Have you heard the term “spinal walking or “spinal reflex walking”? The phenomenon happens to a small number of dogs (and cats) that are paralyzed after a spinal cord injury. These animals are able to use their reflexes to move even though their limbs no longer communicate with their brain.
Choosing a Halloween costume for an able-bodied dog is a fun project. There are so many cute selections. But it gets a little more complicated to find perfect Halloween costumes for dogs in wheelchairs. They need a design that won’t cause them to lose their balance, obstruct their vision or keep them from moving freely in their cart.
So, if you’re planning to take your disabled dog trick-or-treating this year, we’ve got adorable costumes ideas that will keep them safe as well. [Read more…]
I had the great pleasure of interviewing Laurie Edge-Hughes, BScPT, MAnimSt(Animal Physio), CAFCI, CCRT. If you aren’t familiar with her name, the long list of credentials that follow it should give you a hint that Laurie Edge-Hughes is one of the leaders in her field of canine physical therapy.
After earning a degree in human physical therapy in 1993, Laurie realized she had a special interest in working with animals. She completed courses offered by the Canadian Horse and Animal Physical Therapists Association, which was the only form of animal PT education available at the time and then opened Four Leg Rehabilitation Therapy in Canada. It was the first rehab clinic for dogs. Her goal was to fill the gap between the level of care given to large animals and the type of treatment available for small companion animals.
Laurie also developed the first course in canine physical therapy in North America so other professionals could learn canine physical therapy. Today, she’s still at the forefront of the field teaching students and speaking at symposiums around the world.
If you’re the pet parent of a paralyzed dog, you know that most pups with spinal cord problems are usually incontinent as well. Most of us get used to this idea and get on with life. We learn to express our dog’s bladder or keep them dry in a dog diaper. But even with a strict bathroom schedule, accidents happen. And many of those accidents happen during night while your dog is sound asleep.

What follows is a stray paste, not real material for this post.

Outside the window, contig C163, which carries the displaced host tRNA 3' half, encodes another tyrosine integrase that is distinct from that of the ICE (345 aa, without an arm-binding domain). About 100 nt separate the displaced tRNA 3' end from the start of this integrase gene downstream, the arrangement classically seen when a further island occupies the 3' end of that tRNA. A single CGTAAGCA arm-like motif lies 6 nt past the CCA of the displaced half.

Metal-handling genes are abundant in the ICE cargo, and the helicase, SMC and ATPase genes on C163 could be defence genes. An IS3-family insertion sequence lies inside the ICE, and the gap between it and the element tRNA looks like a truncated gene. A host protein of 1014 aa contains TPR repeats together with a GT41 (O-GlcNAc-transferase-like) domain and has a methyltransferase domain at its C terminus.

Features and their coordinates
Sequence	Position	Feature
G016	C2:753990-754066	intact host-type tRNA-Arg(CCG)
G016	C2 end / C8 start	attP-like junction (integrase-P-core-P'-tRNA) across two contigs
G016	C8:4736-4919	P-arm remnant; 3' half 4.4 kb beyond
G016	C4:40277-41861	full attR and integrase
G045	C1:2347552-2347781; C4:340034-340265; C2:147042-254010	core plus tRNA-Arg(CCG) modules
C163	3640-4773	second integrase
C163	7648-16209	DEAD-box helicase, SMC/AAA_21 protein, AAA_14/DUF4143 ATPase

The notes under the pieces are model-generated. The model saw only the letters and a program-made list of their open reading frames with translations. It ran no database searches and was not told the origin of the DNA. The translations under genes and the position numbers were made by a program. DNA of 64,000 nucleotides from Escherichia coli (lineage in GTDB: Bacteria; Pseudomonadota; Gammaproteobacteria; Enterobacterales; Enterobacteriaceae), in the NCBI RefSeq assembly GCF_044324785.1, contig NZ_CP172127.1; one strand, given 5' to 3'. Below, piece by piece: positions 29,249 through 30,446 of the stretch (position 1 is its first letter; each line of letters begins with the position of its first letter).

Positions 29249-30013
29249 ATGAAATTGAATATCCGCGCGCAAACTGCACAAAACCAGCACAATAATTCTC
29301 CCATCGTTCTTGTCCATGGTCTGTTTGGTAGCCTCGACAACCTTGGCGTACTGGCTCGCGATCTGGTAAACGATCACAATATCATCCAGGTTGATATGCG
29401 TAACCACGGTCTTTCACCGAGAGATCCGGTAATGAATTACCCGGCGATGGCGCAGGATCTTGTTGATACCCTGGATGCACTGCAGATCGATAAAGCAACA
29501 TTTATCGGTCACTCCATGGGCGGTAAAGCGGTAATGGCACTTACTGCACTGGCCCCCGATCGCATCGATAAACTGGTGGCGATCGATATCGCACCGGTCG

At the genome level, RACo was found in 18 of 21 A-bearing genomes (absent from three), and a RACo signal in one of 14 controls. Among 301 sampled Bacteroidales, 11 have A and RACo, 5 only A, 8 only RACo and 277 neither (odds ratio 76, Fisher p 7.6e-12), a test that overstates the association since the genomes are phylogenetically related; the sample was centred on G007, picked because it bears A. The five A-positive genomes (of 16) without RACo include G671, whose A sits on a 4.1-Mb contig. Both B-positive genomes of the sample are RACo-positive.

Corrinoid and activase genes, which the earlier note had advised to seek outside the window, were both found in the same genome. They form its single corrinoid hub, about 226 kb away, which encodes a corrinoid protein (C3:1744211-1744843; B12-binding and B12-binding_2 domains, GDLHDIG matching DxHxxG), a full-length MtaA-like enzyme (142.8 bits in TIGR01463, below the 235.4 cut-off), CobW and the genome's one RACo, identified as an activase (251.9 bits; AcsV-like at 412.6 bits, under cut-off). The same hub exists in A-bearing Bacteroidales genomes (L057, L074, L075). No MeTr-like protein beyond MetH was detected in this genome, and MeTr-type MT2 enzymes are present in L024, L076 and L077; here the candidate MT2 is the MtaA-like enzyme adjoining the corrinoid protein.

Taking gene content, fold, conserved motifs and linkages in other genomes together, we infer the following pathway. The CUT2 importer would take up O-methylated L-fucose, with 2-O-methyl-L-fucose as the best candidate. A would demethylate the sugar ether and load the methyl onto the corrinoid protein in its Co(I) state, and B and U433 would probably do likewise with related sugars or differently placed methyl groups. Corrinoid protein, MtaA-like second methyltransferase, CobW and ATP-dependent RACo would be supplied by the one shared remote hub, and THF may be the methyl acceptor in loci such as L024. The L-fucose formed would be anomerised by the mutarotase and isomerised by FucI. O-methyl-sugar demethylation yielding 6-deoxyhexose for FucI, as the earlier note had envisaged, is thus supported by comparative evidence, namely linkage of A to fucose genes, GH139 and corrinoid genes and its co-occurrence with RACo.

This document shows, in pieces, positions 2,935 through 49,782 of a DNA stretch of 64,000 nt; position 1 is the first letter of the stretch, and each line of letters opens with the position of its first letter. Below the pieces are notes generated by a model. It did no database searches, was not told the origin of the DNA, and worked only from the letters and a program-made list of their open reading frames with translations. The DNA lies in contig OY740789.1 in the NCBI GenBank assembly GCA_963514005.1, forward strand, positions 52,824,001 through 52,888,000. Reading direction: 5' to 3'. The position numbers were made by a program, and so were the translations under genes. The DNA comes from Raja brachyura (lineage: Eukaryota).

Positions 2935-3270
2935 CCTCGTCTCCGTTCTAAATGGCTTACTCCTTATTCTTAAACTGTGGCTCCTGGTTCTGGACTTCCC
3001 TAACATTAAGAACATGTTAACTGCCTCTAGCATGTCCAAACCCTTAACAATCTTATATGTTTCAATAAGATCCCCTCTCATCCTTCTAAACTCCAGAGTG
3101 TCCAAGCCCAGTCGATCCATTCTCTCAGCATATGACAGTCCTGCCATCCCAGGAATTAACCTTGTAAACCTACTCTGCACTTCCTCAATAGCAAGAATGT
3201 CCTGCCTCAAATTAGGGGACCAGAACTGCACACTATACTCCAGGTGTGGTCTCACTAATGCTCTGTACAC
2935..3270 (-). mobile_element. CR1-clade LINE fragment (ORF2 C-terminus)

Well, I found the best bed for incontinent pups. It’s designed to catch urine, keep your dog dry and let them get the rest they (and you) deserve.
Dogs today are lucky compared to those in the past when it comes to diagnosing and treating health problems. Science has opened a whole new world of diagnostic imaging tests for our canine and feline fur kids that can see far into their bodies. So why then do so many pet parents dread hearing the news that your dog needs an MRI?
When my veterinarian said Sophie needed an MRI to determine which part of her spine was causing her paralysis; I wanted to grab her and run out of the office. Hearing the words MRI for the first time was frightening and confusing. I didn’t know what to expect. I think my reaction was pretty typical. Pet parents know the names of tests like ultrasounds, CAT scans and MRIs, but we don’t know how they work or which test is best for our dog’s condition.
I was afraid the MRI was too stressful for Sophie and would make her condition worse. I worried about the cost of the test and wanted assurance it was going to give us a confirmed diagnosis.
If your veterinarian is suggesting an MRI for your paraplegic dog, here is information about how the procedure works, what problems it best diagnoses and how to prepare your dog. But before reading ahead, I was told an excellent piece of advice from a veterinary neurologist that you should keep in mind, “An MRI is used to confirm a diagnosis that cannot be confirmed another way. It should not be scheduled as a way to make an initial diagnosis.”